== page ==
Alex Furman (right) with other Cash for Refugees volunteers on the ground in Romania.
Alex Furman (right) with other Cash for Refugees volunteers on the ground in Romania.

‘Cash for Refugees’: S.F. tech entrepreneur flies to Romania with $200K for Ukrainian refugees

UPDATED March 14, 2022 at 10:50 a.m.

It’s dark, close to 10 p.m. at the border. It’s bitter cold, and mud is everywhere. Ukrainian families cross into Romania just before the border closes for the night. Some have waited 10 hours just to take those few steps. They’ve come with young children, elderly grandparents and often with little more than the clothes on their backs.

Hungry and exhausted, they pause for a moment as a volunteer hands them something unexpected: the equivalent of nearly $100 U.S. dollars in the local currency, Romanian leu.

“A relatively small amount of cash gives people a tremendous amount of freedom that they otherwise wouldn’t have,” said Alex Furman, a San Francisco resident who is volunteering with a team from Cash for Refugees, a small and newly launched organization.

Furman, 42, remembers his Jewish family fleeing their home in Moscow in 1991, just before the fall of the Soviet Union.

“I wasn’t shot at. My life wasn’t in danger,” he told J. from his hotel room in Romania. “But nonetheless… it’s very personal.”

Since Russian troops invaded Ukraine on Feb. 24, more than 450,000 Ukrainian refugees had crossed into Romania as of March 14, the United Nations High Commissioner for Refugees reported.

Though the number of crossings isn’t as high as it has been at the borders with Poland, Hungary or Slovakia, Romania is a major transit point to other parts of Europe — which is why five Cash for Refugees volunteers are there handing out money that can help pay for fresh clothes, internet access and, perhaps most critically, train tickets.

Furman recalled that his “blood boiled” as he watched the news coverage of the invasion, and he searched for a way to help.

Cash for Refugees was the answer. The organization launched last month when Semyon Dukach and his Ukrainian-born wife, Natasha, flew from their home in Boston to the Ukraine-Romania border and began handing out $7,000 of their own money to refugees who had crossed the border.

Furman, one of several co-founders of an S.F.-based biotech company, had come to know about Semyon through connections in the tech world. On March 4, he jumped on a plane leaving SFO to meet up with Natasha and three other volunteers. (Semyon and Natasha are trading off, with one always remaining in Boston to take care of their kids.).

Before leaving, Furman and his wife, Marina Eybelman, sought donations from friends and family to add to their personal contributions. Their fundraising efforts took off beyond their expectations after they posted to Facebook, and by the time Furman landed in Romania, he had $200,000 worth of donations.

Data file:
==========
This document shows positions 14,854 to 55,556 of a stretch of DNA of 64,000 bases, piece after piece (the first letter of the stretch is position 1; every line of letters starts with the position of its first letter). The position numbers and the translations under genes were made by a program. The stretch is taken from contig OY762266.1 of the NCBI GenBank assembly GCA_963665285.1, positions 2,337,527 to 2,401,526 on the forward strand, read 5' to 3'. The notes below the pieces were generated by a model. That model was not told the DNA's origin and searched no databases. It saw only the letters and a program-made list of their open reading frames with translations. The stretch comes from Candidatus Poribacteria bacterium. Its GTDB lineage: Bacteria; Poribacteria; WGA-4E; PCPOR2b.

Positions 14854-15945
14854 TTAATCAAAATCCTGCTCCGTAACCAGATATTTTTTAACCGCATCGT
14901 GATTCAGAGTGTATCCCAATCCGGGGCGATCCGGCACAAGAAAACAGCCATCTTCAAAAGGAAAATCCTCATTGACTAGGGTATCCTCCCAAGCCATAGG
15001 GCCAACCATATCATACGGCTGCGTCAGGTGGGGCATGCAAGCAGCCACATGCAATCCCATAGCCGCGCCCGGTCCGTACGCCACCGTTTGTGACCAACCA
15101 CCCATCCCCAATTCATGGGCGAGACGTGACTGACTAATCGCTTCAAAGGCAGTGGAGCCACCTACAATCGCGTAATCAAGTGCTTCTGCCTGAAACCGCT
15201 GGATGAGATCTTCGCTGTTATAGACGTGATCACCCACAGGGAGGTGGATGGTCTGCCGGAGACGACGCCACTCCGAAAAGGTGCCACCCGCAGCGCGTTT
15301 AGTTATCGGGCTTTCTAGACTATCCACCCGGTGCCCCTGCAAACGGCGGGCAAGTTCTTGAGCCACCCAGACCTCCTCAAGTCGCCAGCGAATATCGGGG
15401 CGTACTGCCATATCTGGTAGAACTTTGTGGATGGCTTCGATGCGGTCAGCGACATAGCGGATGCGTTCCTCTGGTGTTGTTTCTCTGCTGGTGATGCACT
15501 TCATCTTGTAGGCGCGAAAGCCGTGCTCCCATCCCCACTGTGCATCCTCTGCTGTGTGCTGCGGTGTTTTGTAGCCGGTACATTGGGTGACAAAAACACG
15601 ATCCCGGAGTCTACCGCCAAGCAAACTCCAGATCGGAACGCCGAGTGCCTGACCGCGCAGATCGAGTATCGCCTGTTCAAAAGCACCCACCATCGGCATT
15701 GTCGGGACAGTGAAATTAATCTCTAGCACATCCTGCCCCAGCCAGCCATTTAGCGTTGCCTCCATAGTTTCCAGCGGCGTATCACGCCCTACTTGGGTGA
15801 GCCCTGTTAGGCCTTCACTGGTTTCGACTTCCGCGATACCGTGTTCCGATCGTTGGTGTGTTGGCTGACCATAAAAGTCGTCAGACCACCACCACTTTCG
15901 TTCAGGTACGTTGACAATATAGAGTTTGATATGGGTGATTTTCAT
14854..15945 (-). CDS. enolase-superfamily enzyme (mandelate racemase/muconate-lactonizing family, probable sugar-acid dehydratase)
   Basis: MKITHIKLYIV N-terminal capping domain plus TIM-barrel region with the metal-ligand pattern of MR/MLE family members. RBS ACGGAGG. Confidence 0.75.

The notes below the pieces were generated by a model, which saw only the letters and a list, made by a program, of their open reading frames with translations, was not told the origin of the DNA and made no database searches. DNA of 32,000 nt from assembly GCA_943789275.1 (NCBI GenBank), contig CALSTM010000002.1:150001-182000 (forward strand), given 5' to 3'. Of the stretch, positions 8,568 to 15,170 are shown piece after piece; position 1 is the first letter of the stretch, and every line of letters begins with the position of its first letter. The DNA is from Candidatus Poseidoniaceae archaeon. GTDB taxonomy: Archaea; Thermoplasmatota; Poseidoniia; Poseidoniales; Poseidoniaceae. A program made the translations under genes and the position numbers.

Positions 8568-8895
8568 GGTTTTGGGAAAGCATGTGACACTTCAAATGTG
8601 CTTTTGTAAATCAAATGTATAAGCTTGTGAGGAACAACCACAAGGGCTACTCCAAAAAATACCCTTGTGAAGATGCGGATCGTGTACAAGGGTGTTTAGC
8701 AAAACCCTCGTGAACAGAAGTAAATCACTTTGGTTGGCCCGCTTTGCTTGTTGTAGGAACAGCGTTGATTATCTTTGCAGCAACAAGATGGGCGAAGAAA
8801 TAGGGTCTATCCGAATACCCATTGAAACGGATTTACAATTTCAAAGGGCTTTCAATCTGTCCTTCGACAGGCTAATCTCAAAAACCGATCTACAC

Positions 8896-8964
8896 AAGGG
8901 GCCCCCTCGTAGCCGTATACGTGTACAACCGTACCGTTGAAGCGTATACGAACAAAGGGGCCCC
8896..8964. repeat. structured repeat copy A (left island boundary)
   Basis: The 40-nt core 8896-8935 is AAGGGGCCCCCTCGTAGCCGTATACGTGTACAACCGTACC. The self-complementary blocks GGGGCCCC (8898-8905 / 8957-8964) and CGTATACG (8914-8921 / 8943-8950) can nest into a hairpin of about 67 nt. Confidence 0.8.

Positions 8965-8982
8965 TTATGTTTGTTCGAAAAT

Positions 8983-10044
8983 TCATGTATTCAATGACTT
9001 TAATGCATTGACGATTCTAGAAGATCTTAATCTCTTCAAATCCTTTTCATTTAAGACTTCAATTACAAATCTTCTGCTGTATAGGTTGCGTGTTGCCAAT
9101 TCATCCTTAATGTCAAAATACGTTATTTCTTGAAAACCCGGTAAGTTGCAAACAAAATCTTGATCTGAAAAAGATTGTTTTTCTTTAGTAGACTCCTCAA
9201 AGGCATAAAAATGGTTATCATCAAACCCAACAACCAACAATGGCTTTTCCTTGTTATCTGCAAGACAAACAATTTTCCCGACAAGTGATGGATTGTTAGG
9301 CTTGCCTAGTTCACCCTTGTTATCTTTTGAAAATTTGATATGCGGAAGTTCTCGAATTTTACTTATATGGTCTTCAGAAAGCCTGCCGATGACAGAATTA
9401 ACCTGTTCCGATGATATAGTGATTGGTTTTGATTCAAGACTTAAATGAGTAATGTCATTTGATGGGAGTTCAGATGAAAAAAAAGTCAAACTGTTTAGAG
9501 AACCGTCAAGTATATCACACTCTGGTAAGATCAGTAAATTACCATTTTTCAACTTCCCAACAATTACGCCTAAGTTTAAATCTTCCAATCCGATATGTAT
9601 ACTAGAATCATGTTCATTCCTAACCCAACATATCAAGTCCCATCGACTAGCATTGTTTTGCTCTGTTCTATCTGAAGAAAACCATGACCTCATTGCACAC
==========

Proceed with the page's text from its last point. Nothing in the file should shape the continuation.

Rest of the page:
He and the current team of volunteers, four from the United States and one from Austria, have been waking up just before 8 a.m. each morning, and one of them heads to a local bank to withdraw the day’s cash. They distribute the equivalent of $100 to each family of refugees, prioritizing mothers with young children, the elderly and disabled, Furman said, noting that the able-bodied men of most families are staying to fight in Ukraine’s army reserves.

They often appear “shellshocked,” when they arrive in Romania, Furman said. “Our volunteers only have anywhere between 30 to 45 seconds … to basically convince them that we’re here to help them.”

After handing incoming refugees some money, he directs them to the nearest on-the-ground nonprofit, which will provide meals, toys and buses to nearby hotels.

One day this week, however, their daily routine was stalled for several hours. The day’s funds, sent via wire transfer, weren’t available that morning.

“We had to really improvise and reach out to our networks” to get at least some money, Furman said, but what they ended up getting didn’t last them all day.

“We missed some of the late arrivals. It was heartbreaking,” he said.

In a Facebook post, he wrote, “Some of the people we missed are the most cold, the last to make it across. I cry. I cry a lot today.”

“We’ll do better,” he vowed.

Cash for Refugees is looking for new recruits to volunteer at the border, especially those who speak Ukrainian, Russian or Romanian. The organization is also continuing to raise money as the war rages on.

“This is ongoing. It’s not going to end anytime soon,” Furman said. “It’s a marathon.”

Furman said he’s been reflecting on the mitzvah of tikkun olam (repairing the world), and considers it his, and everyone’s, duty to help in some way.

“What we’re doing here is tiny. It’s a drop in the sea, not even a drop in the bucket,” he said. “But all of us… that are here [are] trying to make a terrible situation slightly better.”

Emma Goss
Emma Goss

Emma Goss is a J. staff writer. She is a Bay Area native and an alum of Gideon Hausner Jewish Day School and Kehillah Jewish High School. Emma also reports for KTVU Fox 2 News. Follow her on Twitter @EmmaAudreyGoss.